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Recent Books and Publications

Implicit Bias in Preschool: A Research Study Brief

Preschool teachers and staff show signs of implicit bias in administering discipline, but the race of the teacher plays a big role in the outcome, according to research conducted by the Yale Child Study Center. The results help explain why black students tend to be suspended at much higher rates than white students, the authors say.

Literacy and Academic Success for English Learners through Science (LASErS): Evaluation Report

This report is based on an independent evaluation of the LASErS (Literacy and Academic Success for English Learners through Science) program developed by the Education Development Center and funded as a development grant through the US Department of Education’s Investing in Innovation (i3) Fund, established under Section 14007 of the American Recovery and Reinvestment Act of 2009. LASErS leverages science learning as a vehicle to support young English learners’ language development by providing teachers and instructional coaches with high-quality professional development and providing families with resources and educational events to foster language skills outside the school environment. LASErS is designed to train teachers to use scientific vocabulary and engage young children in extended and meaningful conversations around science in a culturally responsive way. Dr. Chin Reyes of the Yale Child Study Center conducted the independent evaluation of LASErS, piloted in a small sample of schools in the Hartford (CT) Public Schools District.

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The Pre-K Debates: Current Controversies and Issues

Published in August 2011, this book, edited by Edward Zigler, Walter S. Gilliam and W. Steven Barnett, offers a vigorous examination of the most hotly-debated pre-K issues. Available from Brookes.

The Hidden History of Head Start

This book, by Edward Zigler and Sally Styfco, provides a detailed account of the history of the Head Start program, from the perspective of one of its founders. Available through ;Oxford University Press

The Tragedy of Child Care in America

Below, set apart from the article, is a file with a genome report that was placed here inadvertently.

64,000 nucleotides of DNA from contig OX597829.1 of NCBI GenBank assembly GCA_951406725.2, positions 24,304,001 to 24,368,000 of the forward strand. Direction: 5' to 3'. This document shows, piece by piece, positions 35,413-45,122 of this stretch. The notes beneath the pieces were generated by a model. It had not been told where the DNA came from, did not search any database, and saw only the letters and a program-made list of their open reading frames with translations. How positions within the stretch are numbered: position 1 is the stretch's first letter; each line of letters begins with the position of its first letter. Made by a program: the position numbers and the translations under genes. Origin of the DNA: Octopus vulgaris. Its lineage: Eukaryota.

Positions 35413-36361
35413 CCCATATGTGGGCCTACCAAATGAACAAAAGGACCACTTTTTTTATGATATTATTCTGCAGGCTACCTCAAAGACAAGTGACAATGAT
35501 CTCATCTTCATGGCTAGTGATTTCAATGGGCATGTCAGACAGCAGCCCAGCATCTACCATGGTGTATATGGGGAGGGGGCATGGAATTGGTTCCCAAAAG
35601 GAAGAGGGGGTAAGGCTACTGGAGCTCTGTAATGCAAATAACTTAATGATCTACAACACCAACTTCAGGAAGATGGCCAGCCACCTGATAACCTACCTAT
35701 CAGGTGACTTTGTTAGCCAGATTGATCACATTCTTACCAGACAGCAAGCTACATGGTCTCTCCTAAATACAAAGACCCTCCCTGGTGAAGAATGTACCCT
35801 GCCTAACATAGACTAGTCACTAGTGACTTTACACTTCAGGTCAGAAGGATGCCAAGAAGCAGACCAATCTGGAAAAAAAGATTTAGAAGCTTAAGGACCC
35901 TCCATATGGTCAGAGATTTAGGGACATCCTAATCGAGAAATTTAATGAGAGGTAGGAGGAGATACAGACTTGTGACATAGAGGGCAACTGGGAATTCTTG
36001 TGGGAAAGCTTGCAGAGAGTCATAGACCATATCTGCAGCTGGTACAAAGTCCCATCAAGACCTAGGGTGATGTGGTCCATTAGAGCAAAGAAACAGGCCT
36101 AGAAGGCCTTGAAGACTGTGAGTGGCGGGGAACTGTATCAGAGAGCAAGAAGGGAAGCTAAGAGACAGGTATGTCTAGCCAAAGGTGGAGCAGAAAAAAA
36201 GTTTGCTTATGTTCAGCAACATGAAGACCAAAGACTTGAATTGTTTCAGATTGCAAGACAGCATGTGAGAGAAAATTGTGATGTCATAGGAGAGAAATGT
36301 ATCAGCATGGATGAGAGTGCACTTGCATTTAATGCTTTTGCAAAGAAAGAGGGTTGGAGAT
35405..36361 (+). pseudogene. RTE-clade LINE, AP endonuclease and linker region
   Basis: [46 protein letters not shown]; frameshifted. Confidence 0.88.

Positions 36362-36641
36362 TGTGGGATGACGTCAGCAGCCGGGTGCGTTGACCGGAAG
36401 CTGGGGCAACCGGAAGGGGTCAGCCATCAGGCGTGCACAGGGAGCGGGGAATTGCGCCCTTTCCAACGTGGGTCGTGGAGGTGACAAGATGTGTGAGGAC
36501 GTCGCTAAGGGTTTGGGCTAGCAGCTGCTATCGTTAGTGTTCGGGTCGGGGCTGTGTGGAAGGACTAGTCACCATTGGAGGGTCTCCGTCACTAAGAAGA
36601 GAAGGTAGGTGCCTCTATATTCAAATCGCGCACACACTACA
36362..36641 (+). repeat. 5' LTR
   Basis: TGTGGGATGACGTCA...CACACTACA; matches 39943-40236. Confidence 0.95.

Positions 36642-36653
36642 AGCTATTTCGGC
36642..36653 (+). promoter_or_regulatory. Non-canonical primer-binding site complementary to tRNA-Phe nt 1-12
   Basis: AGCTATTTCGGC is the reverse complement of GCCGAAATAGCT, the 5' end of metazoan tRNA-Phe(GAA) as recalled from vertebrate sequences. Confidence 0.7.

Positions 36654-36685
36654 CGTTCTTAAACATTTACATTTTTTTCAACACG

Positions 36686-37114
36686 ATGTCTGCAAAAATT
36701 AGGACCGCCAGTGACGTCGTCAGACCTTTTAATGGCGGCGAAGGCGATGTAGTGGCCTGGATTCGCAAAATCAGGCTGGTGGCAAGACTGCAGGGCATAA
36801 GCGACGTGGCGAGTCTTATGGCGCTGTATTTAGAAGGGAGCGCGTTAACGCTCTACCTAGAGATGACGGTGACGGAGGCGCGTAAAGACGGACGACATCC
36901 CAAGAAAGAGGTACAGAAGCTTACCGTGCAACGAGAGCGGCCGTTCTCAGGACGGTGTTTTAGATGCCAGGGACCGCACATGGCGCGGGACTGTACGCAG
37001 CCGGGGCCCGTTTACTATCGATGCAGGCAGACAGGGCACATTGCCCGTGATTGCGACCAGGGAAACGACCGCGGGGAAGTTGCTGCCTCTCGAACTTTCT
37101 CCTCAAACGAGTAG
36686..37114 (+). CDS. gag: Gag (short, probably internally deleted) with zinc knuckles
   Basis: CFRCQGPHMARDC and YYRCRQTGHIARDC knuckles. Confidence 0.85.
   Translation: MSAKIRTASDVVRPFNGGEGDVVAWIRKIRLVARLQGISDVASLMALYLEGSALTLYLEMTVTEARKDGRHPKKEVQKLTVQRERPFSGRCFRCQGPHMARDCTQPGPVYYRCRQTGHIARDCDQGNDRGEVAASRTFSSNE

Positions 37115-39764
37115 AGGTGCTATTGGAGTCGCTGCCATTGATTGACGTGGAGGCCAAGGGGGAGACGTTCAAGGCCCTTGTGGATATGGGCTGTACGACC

This book, by Edward Zigler, Katherine Marsland and Heather Lord, examines why the United States has failed to establish a comprehensive high-quality child care program. Available through Yale University Press.

The Promise of Preschool

In this book Zigler Center graduate Elizabeth Rose traces the history of decisions on early education made by presidents from to Lyndon Johnson to George W. Bush, by other lawmakers, and by experts, advocates, activists and others. Using this historical context as a lens, the book shows how the past shapes today's preschool debate and provides meaningful perspectives on the policy questions that need to be addressed as we move forward. Available through Oxford University Press.

Child Development and Social Policy:
Knowledge for Action

Child Development and Social Policy: Knowledge for Action is the volume from Edward Zigler’s Festschrift. It expands on Dr. Zigler's work in integrating the fields of child development and social policy, while using scientific knowledge for action as the model. Available through APA Books

Contributors discuss these key questions:

  • What are the most powerful research insights of the last 30 years that promote effective action for children and families?
  • What are the most powerful constraints or limits of our knowledge base to promote effective action for children and families?
  • What are the primary components of short-term research agenda to make the most powerful difference for children and families?